• Ken here from Probable Golf Instruction. For many of us, the heat has been intense. The official majors are over for the season, but we do have the Canadian Open and the Ryder Cup in September.
  • In my last newsletter, I explained the method I use to hit high lob shots (not the full swing ones that Tiger and Phil hit). Feel is still involved but one can become much more confident and consistent.
    View it here.

  • In this issue, I'll explain how to deal with statistics in golf. What is an average golfer? How does a good, low amateur compare to a PGA Tour pro?
  • I returned from holidays to find the Doppler Radar Swing Speed Detector produced by Sports Sensors, Inc. had arrived. What an easy tool to use. You just set it down about a foot from the ball and it records your swing speed in mph or km/h. You can also use the device to measure bat swing speed. I've ordered a bunch to sale from my site. They retail for $100 US but I'm going to offer newsletter subscribers 10% off until the end of the Ryder Cup. Order yours here.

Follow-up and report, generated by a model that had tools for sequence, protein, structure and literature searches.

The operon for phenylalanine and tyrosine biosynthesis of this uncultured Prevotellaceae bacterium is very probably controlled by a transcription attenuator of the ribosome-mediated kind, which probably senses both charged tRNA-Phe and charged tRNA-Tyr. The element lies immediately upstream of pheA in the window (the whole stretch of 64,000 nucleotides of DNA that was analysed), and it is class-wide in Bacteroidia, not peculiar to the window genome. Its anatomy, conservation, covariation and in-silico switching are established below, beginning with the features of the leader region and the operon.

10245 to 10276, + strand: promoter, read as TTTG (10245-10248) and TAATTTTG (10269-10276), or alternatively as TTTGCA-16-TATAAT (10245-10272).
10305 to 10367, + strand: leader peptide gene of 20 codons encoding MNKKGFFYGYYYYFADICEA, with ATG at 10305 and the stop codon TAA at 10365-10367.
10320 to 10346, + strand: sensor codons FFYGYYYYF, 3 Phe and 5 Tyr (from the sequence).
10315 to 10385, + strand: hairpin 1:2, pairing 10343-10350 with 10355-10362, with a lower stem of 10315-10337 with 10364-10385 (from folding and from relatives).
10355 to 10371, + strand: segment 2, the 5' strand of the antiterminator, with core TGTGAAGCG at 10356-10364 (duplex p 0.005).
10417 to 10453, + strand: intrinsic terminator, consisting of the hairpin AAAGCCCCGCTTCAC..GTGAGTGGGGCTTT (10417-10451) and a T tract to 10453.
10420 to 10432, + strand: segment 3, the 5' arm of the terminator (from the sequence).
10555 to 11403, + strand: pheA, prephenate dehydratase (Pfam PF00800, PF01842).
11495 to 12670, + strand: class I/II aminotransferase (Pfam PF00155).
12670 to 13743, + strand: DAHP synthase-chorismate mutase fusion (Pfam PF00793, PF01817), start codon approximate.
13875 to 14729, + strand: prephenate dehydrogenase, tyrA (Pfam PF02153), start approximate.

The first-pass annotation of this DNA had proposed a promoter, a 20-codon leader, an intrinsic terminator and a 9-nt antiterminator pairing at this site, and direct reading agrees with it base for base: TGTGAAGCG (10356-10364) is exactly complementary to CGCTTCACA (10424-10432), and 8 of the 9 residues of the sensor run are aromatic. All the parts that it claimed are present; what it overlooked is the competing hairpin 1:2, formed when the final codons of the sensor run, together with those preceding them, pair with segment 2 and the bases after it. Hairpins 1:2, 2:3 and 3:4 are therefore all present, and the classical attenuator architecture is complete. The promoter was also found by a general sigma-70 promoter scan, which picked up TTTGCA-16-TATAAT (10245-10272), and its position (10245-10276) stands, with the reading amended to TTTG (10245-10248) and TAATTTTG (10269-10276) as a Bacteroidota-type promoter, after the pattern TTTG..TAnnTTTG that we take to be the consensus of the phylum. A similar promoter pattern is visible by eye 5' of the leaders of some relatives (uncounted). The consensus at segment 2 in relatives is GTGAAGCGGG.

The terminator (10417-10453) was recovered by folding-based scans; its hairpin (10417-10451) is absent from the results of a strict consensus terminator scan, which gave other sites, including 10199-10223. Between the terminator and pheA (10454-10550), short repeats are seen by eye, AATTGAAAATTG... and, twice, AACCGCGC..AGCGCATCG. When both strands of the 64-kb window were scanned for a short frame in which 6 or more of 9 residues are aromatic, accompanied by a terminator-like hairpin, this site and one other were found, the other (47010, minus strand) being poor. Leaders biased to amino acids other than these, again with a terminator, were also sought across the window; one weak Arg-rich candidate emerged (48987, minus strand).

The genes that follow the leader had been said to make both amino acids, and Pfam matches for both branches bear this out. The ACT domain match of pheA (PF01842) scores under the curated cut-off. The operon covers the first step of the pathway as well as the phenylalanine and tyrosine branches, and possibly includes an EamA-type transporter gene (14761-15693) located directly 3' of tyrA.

• CaddyPatch Impressions just received "approval" by the PGA Tour Parteners Club members after
    their test of 1,000 oversized CaddyPatches by 1,000 different members. Approval will be announced in the Sept/Oct issue of the PGA Tour Partners
    Club magazine. Take a look at them here. They are a leather patch that fits on the face of the club. You can determine how you are mishitting the ball.
Golf Statistics Part 1: Pelz Discovered the short game was important

Read other Parts from the Technology & Distance series and Short Game series here, Archives.

If you'd like one on one explanations about the topic, sign up for the PGI Member Select Club and I'll answer all your questions in a prompt, thorough fashion. Now on to this week's topic.

I. Pelz discovered a long time ago the statistical significance of the short game.